LITTLE MOUNTAIN — Following a career in medicine spanning roughly four decades, Dr. John Thompson has decided to hang up his stethoscope and retire — well, partially retire actually.
“I don’t know if I could retire 100 percent, unless forced to,” Thompson said.
Thompson has been practicing internal medicine in Newberry since the late 1970’s and has been at the Little Mountain Family Health Center for the past six years.
“I’ve enjoyed working down here, I really have,” he said. “You know for a small town it’s unusual to have this nice of a facility.”
Lauren Powell, a nurse practitioner at the clinic, has worked with Thompson for the past two years and described him as relaxed and knowledgeable.
“He is an amazing colleague and mentor,” she said.
Powell said she was inspired by Thompson’s compassion and respect for each patient he saw – no matter who or how difficult they were.
“We’re going to miss him tremendously,” she said.
Newberry County Memorial Hospital CEO Bruce Baldwin likewise spoke highly of Thompson, saying he is “a gentleman, he is a giver, he is dedicated to his patients and he’s very well respected by the medical community as well as the local community.”
Thompson attended medical school at George Washington University and went on to specialize in internal medicine at the Medical University of South Carolina in Charleston.
When it was time for Thompson to begin practicing, he and his wife, Carol, had a decision to make.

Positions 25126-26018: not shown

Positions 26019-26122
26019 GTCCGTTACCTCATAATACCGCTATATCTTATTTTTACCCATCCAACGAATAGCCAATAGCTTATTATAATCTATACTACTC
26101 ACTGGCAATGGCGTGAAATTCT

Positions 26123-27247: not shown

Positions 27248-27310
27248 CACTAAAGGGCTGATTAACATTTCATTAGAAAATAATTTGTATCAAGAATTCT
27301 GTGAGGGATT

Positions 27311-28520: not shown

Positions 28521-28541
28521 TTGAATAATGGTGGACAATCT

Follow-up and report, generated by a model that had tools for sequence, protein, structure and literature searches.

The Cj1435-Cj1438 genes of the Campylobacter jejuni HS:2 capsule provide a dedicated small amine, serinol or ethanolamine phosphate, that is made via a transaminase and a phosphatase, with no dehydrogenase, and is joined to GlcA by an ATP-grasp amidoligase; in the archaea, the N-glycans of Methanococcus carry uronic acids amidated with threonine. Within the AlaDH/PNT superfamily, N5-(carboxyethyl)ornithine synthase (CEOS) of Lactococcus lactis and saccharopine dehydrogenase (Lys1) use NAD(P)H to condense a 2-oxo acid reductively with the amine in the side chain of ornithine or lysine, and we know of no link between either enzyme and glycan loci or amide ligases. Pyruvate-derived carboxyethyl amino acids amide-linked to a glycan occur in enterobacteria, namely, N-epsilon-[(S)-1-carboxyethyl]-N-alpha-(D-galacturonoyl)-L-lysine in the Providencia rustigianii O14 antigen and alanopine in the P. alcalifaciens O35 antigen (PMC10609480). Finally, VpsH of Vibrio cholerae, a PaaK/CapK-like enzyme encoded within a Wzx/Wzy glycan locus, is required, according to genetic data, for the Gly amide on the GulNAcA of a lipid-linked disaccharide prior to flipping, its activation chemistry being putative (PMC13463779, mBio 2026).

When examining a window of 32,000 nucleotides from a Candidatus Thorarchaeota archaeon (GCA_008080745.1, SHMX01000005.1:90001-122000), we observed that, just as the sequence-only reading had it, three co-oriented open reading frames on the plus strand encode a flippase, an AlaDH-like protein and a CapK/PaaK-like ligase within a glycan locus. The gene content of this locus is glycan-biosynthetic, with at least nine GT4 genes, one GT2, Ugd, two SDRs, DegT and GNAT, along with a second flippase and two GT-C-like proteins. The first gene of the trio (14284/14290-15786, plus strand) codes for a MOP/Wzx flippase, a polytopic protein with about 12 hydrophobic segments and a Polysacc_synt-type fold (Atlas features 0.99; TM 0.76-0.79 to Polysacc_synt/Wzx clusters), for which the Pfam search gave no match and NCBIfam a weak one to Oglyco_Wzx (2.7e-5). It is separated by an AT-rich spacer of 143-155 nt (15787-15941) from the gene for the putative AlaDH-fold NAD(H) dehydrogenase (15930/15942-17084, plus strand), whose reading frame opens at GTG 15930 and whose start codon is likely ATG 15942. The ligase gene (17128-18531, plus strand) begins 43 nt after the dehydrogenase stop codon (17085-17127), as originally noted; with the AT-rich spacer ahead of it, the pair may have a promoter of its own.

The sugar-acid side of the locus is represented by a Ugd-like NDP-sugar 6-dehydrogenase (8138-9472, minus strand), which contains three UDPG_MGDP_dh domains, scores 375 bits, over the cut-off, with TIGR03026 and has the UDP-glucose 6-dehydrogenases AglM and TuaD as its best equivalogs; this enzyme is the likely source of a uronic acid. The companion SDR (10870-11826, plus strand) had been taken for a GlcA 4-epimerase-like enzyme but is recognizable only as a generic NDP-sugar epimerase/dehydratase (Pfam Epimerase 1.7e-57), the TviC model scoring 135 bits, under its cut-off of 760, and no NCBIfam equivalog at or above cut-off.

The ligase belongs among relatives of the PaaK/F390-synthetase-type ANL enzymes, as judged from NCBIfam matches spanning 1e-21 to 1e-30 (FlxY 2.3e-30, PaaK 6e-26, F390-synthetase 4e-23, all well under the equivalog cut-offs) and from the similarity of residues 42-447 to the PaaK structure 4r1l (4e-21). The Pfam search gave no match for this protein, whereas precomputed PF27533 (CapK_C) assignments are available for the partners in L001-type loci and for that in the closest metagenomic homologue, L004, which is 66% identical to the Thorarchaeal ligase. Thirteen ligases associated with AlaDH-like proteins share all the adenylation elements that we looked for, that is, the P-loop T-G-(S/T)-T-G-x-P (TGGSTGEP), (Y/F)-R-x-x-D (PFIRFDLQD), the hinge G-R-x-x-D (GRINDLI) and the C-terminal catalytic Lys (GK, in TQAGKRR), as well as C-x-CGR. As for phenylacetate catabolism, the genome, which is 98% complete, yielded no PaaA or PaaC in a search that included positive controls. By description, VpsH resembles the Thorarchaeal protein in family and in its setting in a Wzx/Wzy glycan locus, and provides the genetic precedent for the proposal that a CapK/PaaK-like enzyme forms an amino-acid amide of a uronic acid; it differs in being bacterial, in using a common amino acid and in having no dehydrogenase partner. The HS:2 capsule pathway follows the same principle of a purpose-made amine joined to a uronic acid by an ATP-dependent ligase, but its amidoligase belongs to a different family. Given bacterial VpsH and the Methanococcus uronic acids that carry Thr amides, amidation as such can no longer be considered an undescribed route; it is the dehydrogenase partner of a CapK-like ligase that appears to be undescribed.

Thomson grew up in Tennessee and Carol was from Virginia and they were unsure where they wanted to settle down.
“We thought about it and said, ‘South Carolina, we like it here. Let’s stay here,’” Thompson said.
Knowing they didn’t want to stay on the coast they set out looking for a small town and Newberry just “clicked.”
“We always said we didn’t want to live anywhere that didn’t have a college,” he said. “A college makes a big difference – arts, athletics, that type of thing.”
Another major draw was the fact that just a year prior Newberry had built a new hospital that happened to have a need for internal medicine, Thompson’s field of expertise.
In 1978 he opened an office behind the hospital and practiced there until 2010.
“I decided I wanted to slow down a little bit,” he said. “I was looking for the chance to kind of ease back a little bit from a 60-hour week to maybe a 30-hour week.”
And though Thompson is now handing over the reins of the Little Mountain practice to Dr. Michelle Archer, he’ll still be spending a few hours each week at the hospital and said he may contribute some of his time at Newberry’s free clinic as well.
As for what he plans to do in his semi-retirement, Thompson said he plans to exercise more frequently and maybe even take up golf.
And he said he and Carol will spend time traveling – mainly to North Carolina and Greenville to visit their grand kids.
Additionally Thompson has served as a judge for the competition circuit of the South Carolina Barbecue Association for the better part of the last decade.
He said being a judge has given him a greater appreciation for barbecue as a whole but has also made it harder to just go to barbecue restaurants after tasting the meticulously crafted fare entered into competitions.
And naturally the top-question on the minds of all the barbecue aficionados out there reading this is mustard, tomato or vinegar base?
“I like mustard-base barbecue,” Thompson said.
Reach Carson Lambert at 803-276-0625, ext. 1868, or on Twitter @TheNBOnews.